E13th -E14th, all wheel thrown, produced in a number of sites in Nottingham, this ware is the most common Medieval pottery sherd that we find. The forms are mainly jugs that range from rounded to balluster in shape and from small to large in size. Some jug sherds are decorated with motifs including roller stamping and applied iron stained and copper stained strips, and applied scales and pellets. Some of the strips are further notched. Although we have not found any, these wares include highly decorated forms, some with faces and knights on horseback. Handles are generally of the strap variety and the bases are often splayed out and flat. Rims are often cuff shape whereas Lincoln ones tend to be folded. The suspension glazes are often glossy, and in greens ranging from darker olives, to lighter reduced green and copper green. Many of our sherds are unglazed and intact examples elsewhere suggest that the glaze stopped somewhere around the midpoint of the jug. With the most common types of this ware the fabric is usually hard and ranges from buff/white, to greys to orange. The oxidisation can appear on the internal or external surfaces. The inclusions are genrally moderate-abundant, poorly sorted and include coarse, sub-rounded/rounded quartz, sometimes sandstone and fine iron. Some examples appear very gritty. Some of these wares have an iron-rich fabric and are given a new typology (NOTGI see below). Another set of sherds are characterised by the greater maturity of the glaze and differences in the fabric (e.g. more abundant quartz and sandstone inclusions) and are assigned another code (see NOTGV below). See Nailor and Young in references.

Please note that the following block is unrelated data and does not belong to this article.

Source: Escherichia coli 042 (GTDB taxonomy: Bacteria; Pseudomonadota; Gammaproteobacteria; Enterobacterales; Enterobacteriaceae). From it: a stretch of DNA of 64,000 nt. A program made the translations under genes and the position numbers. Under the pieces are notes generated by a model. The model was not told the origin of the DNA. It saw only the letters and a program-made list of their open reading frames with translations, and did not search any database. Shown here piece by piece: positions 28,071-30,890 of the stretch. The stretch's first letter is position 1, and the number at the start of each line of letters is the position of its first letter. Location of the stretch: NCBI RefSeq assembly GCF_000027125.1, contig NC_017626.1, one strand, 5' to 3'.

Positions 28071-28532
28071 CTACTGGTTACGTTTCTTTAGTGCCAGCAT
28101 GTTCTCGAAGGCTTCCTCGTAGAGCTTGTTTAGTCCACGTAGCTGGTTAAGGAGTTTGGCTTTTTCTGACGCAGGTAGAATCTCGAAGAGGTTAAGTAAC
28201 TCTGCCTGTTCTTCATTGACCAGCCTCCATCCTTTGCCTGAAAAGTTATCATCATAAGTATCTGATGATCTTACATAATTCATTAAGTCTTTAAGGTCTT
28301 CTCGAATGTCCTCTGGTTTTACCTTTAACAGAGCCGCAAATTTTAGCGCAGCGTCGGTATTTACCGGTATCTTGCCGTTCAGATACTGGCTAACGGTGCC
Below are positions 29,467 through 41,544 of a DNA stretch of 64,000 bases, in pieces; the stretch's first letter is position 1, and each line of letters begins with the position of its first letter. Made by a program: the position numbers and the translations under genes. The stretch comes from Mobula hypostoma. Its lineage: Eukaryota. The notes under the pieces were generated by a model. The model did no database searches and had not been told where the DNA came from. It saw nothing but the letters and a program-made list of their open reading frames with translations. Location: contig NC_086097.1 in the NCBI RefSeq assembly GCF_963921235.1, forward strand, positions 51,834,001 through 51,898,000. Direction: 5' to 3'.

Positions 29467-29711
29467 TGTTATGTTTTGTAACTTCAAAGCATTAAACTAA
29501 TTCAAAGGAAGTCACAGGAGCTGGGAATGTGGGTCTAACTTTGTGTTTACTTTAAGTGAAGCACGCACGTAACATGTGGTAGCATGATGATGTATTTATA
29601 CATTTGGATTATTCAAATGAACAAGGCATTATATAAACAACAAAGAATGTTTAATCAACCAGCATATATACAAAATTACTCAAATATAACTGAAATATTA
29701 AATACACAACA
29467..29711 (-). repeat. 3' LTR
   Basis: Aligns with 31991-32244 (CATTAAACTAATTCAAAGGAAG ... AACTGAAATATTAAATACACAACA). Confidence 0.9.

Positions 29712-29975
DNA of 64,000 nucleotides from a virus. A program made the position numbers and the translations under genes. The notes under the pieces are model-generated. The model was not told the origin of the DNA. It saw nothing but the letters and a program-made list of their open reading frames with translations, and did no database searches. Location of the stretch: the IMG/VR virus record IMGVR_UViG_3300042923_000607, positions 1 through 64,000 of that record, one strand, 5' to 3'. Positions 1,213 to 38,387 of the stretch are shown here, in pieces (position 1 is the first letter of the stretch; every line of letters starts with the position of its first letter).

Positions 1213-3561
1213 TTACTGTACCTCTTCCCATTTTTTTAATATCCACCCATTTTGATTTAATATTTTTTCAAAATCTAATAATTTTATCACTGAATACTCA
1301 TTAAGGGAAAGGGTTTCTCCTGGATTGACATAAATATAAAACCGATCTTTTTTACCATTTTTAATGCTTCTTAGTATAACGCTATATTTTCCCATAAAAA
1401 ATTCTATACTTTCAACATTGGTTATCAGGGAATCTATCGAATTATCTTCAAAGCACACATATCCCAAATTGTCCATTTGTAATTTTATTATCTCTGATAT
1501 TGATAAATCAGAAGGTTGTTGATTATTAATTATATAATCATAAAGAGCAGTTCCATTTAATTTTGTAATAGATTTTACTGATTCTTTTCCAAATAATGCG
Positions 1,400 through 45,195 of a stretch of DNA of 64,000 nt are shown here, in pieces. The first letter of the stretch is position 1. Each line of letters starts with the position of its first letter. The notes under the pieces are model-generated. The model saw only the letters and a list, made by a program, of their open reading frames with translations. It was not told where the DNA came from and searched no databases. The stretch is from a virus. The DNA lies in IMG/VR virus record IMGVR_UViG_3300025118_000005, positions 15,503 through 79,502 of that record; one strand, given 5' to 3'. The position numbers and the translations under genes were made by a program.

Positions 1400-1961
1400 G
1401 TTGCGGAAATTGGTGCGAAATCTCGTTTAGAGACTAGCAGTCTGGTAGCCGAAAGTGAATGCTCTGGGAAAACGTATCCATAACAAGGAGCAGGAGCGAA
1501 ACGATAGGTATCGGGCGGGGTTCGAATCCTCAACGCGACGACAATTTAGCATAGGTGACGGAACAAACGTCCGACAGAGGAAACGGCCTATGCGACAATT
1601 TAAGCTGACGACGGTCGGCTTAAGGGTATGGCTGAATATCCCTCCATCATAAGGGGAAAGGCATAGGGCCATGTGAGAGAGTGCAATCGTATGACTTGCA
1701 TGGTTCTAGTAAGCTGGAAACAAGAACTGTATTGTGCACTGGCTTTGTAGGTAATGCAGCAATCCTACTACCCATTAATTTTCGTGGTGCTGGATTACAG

There are 3 galleries to scroll through on this page for the following three type series: NOTTINGHAM LIGHT BODIED GREEN GLAZED WARE (NOTGL) E13 -E/M 14TH; IRON-RICH NOTTINGHAM GREEN GLAZED WARE (NOTGI) E 13TH; NOTTINGHAM GREEN GLAZE WARE VARIANT (NOTGV) E13TH-M14TH